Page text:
This is my review of The Lacuna by Barbara Kingsolver.
“You have to get right into the action, readers are impatient.” Perhaps Barbara Kingsolver should have heeded the advice of her “hero”, the author Harrison Shepherd. The first couple of hundred pages were heavy going, being mainly in the form of the diary written largely in Mexico by the teenage Harrison, rambling entries in an often pretentious style with stilted conversations and unengaging characters, not least the waspish woman who turned out to be the painter Frida Kahlo- it was hard to believe she was only about five years older than Harrison. I realised later that the style had a point as he was meant to be developing his voice as a writer. Also, the relevance of the initially tedious interruptions of the “Archivist’s Notes” made sense in due course. The odd witty comment or well-observed scene made the effort of reading worthwhile, such as the vivid account (back in America) of bystanders caught up in an over-zealous attack , as government troops used tear gas and brute force to quell demonstrating soldiers with a legitimate grievance over pay. However, too much hung on the reputation of “The Poisonwood Bible” to keep me reading.
The plot picked up pace when Trotsky appeared on the scene, but the book really began to absorb me on Harrison’s return to the States, as a guilt-ridden young man who hadn’t managed to save Trotsky from the icepick, inspired to write novels by Frida. Kingsolver’s descriptions of small-town life in the Mid-West rang truer for me than those of the painter Rivera’s household in Mexico. However, perhaps the writing had found its rhythm because the subsequent return visits to Mexico with Harrison’s assistant Violet Brown (and her splendid dry wit – “Even a feather duster will lay an egg in April”) also seemed more alive.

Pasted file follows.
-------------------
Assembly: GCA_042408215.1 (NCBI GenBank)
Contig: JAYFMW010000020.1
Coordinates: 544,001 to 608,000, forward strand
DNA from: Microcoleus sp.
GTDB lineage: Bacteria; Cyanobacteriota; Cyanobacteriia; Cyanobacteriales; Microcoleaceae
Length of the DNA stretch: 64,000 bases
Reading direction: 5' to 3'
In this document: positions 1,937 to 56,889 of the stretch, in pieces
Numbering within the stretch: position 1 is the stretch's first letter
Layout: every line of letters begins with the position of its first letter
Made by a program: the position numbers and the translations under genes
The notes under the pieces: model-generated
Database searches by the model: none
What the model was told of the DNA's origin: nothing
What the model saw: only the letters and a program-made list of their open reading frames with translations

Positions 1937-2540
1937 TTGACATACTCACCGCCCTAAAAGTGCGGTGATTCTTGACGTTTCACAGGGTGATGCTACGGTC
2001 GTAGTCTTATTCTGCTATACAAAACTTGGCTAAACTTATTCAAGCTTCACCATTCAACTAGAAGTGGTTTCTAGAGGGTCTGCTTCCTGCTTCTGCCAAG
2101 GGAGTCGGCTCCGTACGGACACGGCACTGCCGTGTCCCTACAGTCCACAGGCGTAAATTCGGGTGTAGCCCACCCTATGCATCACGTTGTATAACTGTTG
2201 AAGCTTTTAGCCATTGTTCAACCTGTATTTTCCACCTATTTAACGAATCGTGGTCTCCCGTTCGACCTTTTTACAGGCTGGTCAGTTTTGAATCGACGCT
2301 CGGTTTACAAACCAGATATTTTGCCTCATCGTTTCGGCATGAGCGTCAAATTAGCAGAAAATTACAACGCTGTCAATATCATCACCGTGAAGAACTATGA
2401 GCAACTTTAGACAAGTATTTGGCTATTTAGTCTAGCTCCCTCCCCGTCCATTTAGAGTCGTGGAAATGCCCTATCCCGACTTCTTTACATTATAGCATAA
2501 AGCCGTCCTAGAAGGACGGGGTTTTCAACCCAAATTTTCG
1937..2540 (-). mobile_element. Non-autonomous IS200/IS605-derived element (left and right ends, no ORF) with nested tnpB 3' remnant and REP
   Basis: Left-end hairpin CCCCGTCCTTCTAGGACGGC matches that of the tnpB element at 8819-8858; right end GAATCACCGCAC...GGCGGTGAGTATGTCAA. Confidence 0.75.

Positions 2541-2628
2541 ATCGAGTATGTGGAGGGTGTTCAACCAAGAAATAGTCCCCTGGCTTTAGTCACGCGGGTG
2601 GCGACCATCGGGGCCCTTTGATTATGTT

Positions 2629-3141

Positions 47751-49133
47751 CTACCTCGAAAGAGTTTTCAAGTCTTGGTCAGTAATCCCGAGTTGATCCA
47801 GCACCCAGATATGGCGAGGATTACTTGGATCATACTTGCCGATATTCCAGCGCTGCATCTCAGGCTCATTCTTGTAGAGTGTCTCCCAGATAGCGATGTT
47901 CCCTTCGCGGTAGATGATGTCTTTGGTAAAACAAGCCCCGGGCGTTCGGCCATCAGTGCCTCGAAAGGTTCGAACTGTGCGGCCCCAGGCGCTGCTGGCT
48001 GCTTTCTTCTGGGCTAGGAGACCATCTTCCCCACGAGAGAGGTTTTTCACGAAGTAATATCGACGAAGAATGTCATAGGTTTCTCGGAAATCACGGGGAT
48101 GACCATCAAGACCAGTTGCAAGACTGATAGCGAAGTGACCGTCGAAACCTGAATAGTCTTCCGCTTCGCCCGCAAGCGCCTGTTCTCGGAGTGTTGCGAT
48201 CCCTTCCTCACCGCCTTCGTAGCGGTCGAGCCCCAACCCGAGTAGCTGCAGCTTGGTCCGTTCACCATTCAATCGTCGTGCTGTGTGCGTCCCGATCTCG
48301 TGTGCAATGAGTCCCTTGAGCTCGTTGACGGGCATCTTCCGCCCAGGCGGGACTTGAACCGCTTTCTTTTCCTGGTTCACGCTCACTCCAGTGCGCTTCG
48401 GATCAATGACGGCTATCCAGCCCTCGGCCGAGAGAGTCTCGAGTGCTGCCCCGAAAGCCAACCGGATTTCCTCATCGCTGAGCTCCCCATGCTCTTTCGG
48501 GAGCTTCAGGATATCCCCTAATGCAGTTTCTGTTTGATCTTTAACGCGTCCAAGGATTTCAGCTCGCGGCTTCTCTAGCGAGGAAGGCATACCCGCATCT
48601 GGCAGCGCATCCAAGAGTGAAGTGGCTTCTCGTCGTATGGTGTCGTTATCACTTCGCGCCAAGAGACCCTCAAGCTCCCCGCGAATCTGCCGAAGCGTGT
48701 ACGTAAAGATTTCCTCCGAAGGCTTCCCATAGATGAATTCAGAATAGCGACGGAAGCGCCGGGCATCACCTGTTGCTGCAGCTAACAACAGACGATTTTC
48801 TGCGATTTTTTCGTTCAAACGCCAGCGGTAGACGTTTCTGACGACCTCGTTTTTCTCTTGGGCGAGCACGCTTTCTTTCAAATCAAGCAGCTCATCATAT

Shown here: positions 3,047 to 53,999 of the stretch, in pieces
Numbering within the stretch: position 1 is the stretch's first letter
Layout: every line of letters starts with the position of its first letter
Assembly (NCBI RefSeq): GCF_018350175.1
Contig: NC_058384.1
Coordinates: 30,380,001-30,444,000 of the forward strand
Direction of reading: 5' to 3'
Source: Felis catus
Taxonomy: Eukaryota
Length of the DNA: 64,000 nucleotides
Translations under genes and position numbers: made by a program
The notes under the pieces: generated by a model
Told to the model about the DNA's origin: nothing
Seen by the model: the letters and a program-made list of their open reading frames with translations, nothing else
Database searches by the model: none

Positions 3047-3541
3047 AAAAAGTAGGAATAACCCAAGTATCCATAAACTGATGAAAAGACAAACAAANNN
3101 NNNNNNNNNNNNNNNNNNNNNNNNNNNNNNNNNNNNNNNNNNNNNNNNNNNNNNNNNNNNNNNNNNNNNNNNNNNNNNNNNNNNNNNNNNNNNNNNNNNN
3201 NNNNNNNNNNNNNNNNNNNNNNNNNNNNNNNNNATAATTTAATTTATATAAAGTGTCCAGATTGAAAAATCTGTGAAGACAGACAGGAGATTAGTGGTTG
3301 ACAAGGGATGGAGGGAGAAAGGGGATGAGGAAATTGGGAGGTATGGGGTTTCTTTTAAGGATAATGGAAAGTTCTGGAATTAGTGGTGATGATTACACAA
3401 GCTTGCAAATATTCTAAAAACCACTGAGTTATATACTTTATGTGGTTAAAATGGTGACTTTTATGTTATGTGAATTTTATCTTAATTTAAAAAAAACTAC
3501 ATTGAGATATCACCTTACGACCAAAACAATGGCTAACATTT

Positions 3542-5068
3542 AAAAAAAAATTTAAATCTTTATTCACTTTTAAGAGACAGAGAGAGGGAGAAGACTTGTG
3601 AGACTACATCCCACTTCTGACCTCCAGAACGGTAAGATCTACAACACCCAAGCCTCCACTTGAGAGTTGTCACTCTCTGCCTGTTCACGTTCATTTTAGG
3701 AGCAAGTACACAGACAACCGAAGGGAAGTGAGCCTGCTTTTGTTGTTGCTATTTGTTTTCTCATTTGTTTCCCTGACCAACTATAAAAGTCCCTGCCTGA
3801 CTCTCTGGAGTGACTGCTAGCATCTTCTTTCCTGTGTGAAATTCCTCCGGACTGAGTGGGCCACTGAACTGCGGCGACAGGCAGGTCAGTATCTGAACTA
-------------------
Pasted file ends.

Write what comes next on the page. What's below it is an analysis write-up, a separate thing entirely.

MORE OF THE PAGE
I was very impressed by the build up of tension as Harrison inadvertently but inexorably attracted the malign attention of the Committee of Un-American Activities, culminating in a excellent trial scene, written like a play – out-crucibling “The Crucible”. The final section tied up the ends neatly, and returned full circle to show the relevance of some of the earlier passages, such as Harrison’s discovery of his first “lacuna”- the hole in the cliff exposed only at low tide. I liked the final note of optimism to relieve the initial apparent darkness of the ending. The author succeeded in making us grow to care about Harrison.
Unlike, “Poisonwood”, which tails off and loses focus after a brilliant first part, this book has an excellent second half, but a beginning which could have done with more hints of the promise to come. A shorter first part with a sharper focus would have made a more effective novel overall. I could have done with a glossary of Mexican terms, a brief history and biography of the historical characters, for quick reference.
It was an interesting approach to make “an ordinary man” the vehicle for an exploration of the abuse of power, and the similarities in this respect between apparently very different regimes, be they ancient Mexico, the Soviet Union under Stalin, or the States when prey to McCarthyism. In the process, the “celebrities”, Frida and her husband, were perhaps unduly blurred, although Trotsky was portrayed as a more rounded and sympathetic character. I am not sure that Kingsolver has revealed any great truths or insights, but she has the power to remind and outrage us once again over the way men can misuse ideologies to persecute each other.